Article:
The most important thing to figure out when you are going to choosing a rifle primer is if it has a small or large primer pocket. Some rifle has six five Creedmoor has large some has small. So you got to do your research just a bit and figure out exactly what primer that you need. You can work up individual loads with your primers that you have purchased but if you have worked up a load say with a standard small rifle primer and then you should change your primer to a matching primer it could affect your group size. However, it depends on the different types of powders that you shoot. The different types of primers will affect them differently so you have to treat them all as their load.
In this article, we will explore all about information about how to choose rifle primers for better reloading and will know step by step. Let’s go on……
There are two kinds of primers: standard primers and match primers. The idea behind match primers is to ignite the powder as consistently as possible. Match primers are more affordable because of consistency and no need to worry about their tiny detail. With match primer, you are getting more consistent, muzzle velocities, and they are just a little bit better but you will pay a bit more for them.
The difference between a regular primer and a magnum primer is Magnum is gonna create a hotter spark and will help ignite slower burning powders or just powders that do not want to ignite as easily. There are so many different types of powders out there you’re gonna have to figure out which ones prefer magnum primers and which ones take standard primers. If you are having hangfires in any of your reloads try out a magnum primer but approach that with caution. When you do switch to magnum primers if you have an established load with a regular primer or match primer. With the magnum primer, you can decrease your charge a little bit and work your way back up to your charge. Because of the different pressures going on inside of the case magnum primer most likely will not shoot the same.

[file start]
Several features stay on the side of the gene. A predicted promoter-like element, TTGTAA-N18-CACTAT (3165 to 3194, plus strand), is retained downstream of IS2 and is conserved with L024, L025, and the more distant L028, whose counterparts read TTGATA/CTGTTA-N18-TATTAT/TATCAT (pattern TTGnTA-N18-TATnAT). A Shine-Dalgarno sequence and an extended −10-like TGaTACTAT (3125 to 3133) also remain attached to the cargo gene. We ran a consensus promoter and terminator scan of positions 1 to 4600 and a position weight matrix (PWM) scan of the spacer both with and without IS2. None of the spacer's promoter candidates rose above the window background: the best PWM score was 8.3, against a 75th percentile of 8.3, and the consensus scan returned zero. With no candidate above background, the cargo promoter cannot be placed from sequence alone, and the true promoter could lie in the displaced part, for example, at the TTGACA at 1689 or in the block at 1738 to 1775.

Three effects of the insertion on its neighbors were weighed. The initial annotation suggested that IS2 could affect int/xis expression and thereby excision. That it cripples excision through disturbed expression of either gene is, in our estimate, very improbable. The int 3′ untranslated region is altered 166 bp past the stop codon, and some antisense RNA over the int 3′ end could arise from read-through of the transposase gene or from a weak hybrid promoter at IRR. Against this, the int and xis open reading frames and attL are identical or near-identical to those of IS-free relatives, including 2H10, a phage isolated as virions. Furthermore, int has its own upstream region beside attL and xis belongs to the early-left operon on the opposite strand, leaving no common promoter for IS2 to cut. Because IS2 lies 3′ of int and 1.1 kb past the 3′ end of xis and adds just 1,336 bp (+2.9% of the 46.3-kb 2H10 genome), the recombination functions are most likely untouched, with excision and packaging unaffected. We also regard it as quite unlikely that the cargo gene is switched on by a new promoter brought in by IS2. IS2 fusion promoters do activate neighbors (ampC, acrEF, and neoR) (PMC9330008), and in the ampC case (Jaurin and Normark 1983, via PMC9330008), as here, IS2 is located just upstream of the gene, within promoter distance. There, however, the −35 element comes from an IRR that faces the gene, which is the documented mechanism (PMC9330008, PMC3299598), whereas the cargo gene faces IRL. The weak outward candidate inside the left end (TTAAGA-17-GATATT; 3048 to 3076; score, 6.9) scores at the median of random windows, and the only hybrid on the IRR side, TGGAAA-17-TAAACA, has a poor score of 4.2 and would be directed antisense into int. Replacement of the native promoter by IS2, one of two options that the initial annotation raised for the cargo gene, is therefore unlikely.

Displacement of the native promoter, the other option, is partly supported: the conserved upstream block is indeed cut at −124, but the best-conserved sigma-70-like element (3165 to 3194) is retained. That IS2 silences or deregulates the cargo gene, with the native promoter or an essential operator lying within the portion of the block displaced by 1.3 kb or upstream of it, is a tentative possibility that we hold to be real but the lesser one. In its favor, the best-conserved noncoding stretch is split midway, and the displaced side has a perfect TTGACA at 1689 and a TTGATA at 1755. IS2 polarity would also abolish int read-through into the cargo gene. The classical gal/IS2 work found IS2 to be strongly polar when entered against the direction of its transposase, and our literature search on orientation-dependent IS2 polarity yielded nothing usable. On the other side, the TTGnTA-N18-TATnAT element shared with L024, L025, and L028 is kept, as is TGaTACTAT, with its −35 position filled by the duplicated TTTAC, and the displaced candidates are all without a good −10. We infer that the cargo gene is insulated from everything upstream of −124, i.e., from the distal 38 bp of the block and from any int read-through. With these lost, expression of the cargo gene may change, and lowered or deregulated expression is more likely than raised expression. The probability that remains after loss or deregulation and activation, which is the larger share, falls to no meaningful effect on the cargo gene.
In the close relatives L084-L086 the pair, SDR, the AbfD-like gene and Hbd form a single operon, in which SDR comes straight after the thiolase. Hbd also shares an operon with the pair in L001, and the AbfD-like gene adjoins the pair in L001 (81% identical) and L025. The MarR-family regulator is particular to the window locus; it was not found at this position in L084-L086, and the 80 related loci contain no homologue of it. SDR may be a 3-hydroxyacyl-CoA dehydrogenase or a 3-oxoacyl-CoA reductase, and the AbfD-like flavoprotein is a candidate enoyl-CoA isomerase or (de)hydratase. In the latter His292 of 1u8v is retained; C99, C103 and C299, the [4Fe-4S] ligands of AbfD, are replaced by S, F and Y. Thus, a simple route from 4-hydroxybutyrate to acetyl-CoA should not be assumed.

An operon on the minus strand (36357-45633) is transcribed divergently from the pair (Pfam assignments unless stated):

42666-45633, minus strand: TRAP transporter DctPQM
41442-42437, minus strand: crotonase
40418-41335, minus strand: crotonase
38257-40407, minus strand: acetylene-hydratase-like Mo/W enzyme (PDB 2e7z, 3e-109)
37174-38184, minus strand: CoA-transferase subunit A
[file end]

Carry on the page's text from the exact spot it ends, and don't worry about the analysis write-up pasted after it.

Some special primers like only the small rifle side will have a metal cup thicker primer sit and a little more resistant to the firing pin. If you choose to shoot Magnum primers do be aware in reloading the official reloading manuals you need to go ahead and read what the manufacturer tested with all of their load data. If you want to start shooting Magnum primers using their load data then their Max charges will be hotter than what your gun should probably be shooting. Moreover, these are going to increase pressures above what their data would be so you could run into pressure signs a little bit more quickly.
Most reloaders do not know that Magnum primers are not only for Magnum calibers or Magnum pistols. In most cases, you do not use a Magnum primer including 300 Winchester Magnum you do not necessarily have to run a Magnum primer. You can work up a specific load with that primer and again pay attention to the load data provided to you and see what type of primer they used in all their testing that’s important to know. At the end of the day, if you are trying to shoot small groups or shoot long-range consistently you want the least amount of variation possible that you can get.
To summarize up, it is great to experiment with different primers but if you are worried about the type of primer you should use check the load data and try and get what they are using with their load data. However, if it is a standard primer go with that if it’s a magnum primer you should probably go with that. You can use Magnum or standards or match primers pretty much anything you want you just have to work up individual loads for each.